Welcome home.

Coda: The day after our arrival in the Upper Peninsula, we got drive-through coronavirus tests at Ontonagon High School. Not wanting to bring the pandemic to a county that at that point had yet to have a single verified case, we quarantined until we got the results two days later: negative. Sadly, Ontonagon County did get its first case a few days after that — but so far, just the one.

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This is not a pep rally

A protester in San Pedro June 6

On Saturday, June 6, San Pedro, California, had its first large gathering in response to the protests that have swept the world since the killing of George Floyd by a Minneapolis police officer. There had been smaller protests, in front of the San Pedro police station and city hall, but this morning event was the first to draw several hundred people, in  a march from the police station to city hall, followed by speeches. It looked like a demonstration; there were “I can’t breathe” posters and chants of “No justice, no peace.” Some social media commentators called it a Black Lives Matter protest. But that activist organization was not involved in Saturday’s event. Instead, it was organized by three unlikely bedfellows: The NAACP, the Los Angeles Police Department Harbor Division, and the office of LA City Council member Joe Buscaino.

Organizers hailed this as a breakthrough alliance. But skeptics — and I am one — feared that this was not a breakthrough coalition, but a cooptation. First, the march was channeled (literally, they walked down Channel Street) on to empty roads where there was no chance to engage onlookers or passersby or generally make an impact, which is pretty much the point of a march. One of the participants was controversial police chief Michael Moore, who led his officers into violent confrontations with protesters in LA earlier in the week and at one point blamed those protesters for Floyd’s death. Buscaino, a former cop, is against the cuts to the police department already agreed to by Mayor Eric Garcetti, let alone the foremost demand of BLM: Defund police. Indeed, no concrete changes were demanded or offered at the rally, except for a call to vote for change in November (agreed). Instead of singing “Lean On Me,” “Alright,” “We Shall Overcome,” or even, I don’t know, “This Land is Our Land,” a woman wailed “The Star-Spangled Banner” — as if we were at a political convention, or a football game.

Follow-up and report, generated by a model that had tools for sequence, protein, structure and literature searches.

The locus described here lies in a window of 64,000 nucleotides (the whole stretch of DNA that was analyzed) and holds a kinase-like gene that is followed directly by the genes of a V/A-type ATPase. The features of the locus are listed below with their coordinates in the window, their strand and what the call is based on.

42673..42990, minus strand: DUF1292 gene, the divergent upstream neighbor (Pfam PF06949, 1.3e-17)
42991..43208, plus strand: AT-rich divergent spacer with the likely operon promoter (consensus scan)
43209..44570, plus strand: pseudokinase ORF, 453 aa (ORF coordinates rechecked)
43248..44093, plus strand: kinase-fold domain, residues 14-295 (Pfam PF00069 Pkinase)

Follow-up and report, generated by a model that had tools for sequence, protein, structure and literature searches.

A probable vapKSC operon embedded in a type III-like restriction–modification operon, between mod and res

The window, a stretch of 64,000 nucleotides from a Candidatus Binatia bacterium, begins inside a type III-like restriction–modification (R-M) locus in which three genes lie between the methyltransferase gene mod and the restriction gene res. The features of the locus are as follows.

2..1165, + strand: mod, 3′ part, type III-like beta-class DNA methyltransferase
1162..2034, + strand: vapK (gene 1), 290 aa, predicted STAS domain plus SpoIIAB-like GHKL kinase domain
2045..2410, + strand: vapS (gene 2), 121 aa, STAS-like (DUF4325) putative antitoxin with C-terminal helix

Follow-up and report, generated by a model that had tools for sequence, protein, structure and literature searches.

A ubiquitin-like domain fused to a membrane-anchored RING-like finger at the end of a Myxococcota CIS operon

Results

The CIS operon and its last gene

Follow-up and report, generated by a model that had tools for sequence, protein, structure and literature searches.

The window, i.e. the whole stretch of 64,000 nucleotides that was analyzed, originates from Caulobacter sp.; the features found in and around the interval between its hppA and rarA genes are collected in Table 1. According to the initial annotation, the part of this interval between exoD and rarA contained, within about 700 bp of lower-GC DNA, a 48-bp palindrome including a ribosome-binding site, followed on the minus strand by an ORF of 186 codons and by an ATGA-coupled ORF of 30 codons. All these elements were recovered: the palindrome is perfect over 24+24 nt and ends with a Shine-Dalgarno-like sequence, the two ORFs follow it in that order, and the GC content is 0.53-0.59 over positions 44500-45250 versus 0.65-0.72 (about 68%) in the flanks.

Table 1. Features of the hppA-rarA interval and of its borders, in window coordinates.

The “Unity Rally” suffered from a serious existential crisis. Many of the participants were visibly and vocally disappointed by the speeches and the presence of Moore and other cops; indeed, speeches by anyone with a badge were largely drowned out by protesters. “This is not a photo op,” they chanted at Buscaino. “This is a protest!” they shouted at the politicians. “This is not a pep rally!” they shouted — incredulously — when the NAACP’s Cheyenne Bryant ended the event by thanking folks for coming to, yes, “a pep rally.” Most people around me turned away in disgust at that point. One young man jumped up and started speaking to the crowd about his dismay with the speakers’ failure to address the real issues of systemic racism. Many stopped to listen to a voice that finally spoke to the real message of this movement.

None of this dissent made the coverage of the “Unity Rally” in The Daily Breeze and the Los Angeles Times. Reading their accounts, I had to wonder if I was at a different event. As a journalist and a scholar of journalism, I can’t say I was shocked: Mainstream news outlets typically report the perspective of the powerful, not those speaking out against power structures. Sometimes the erasure is structural; reporters hang out by the stage, instead of in the crowd, and miss the true story. But at Saturday’s event, you had to be deaf and blind to miss the shouts of the protest against the rally.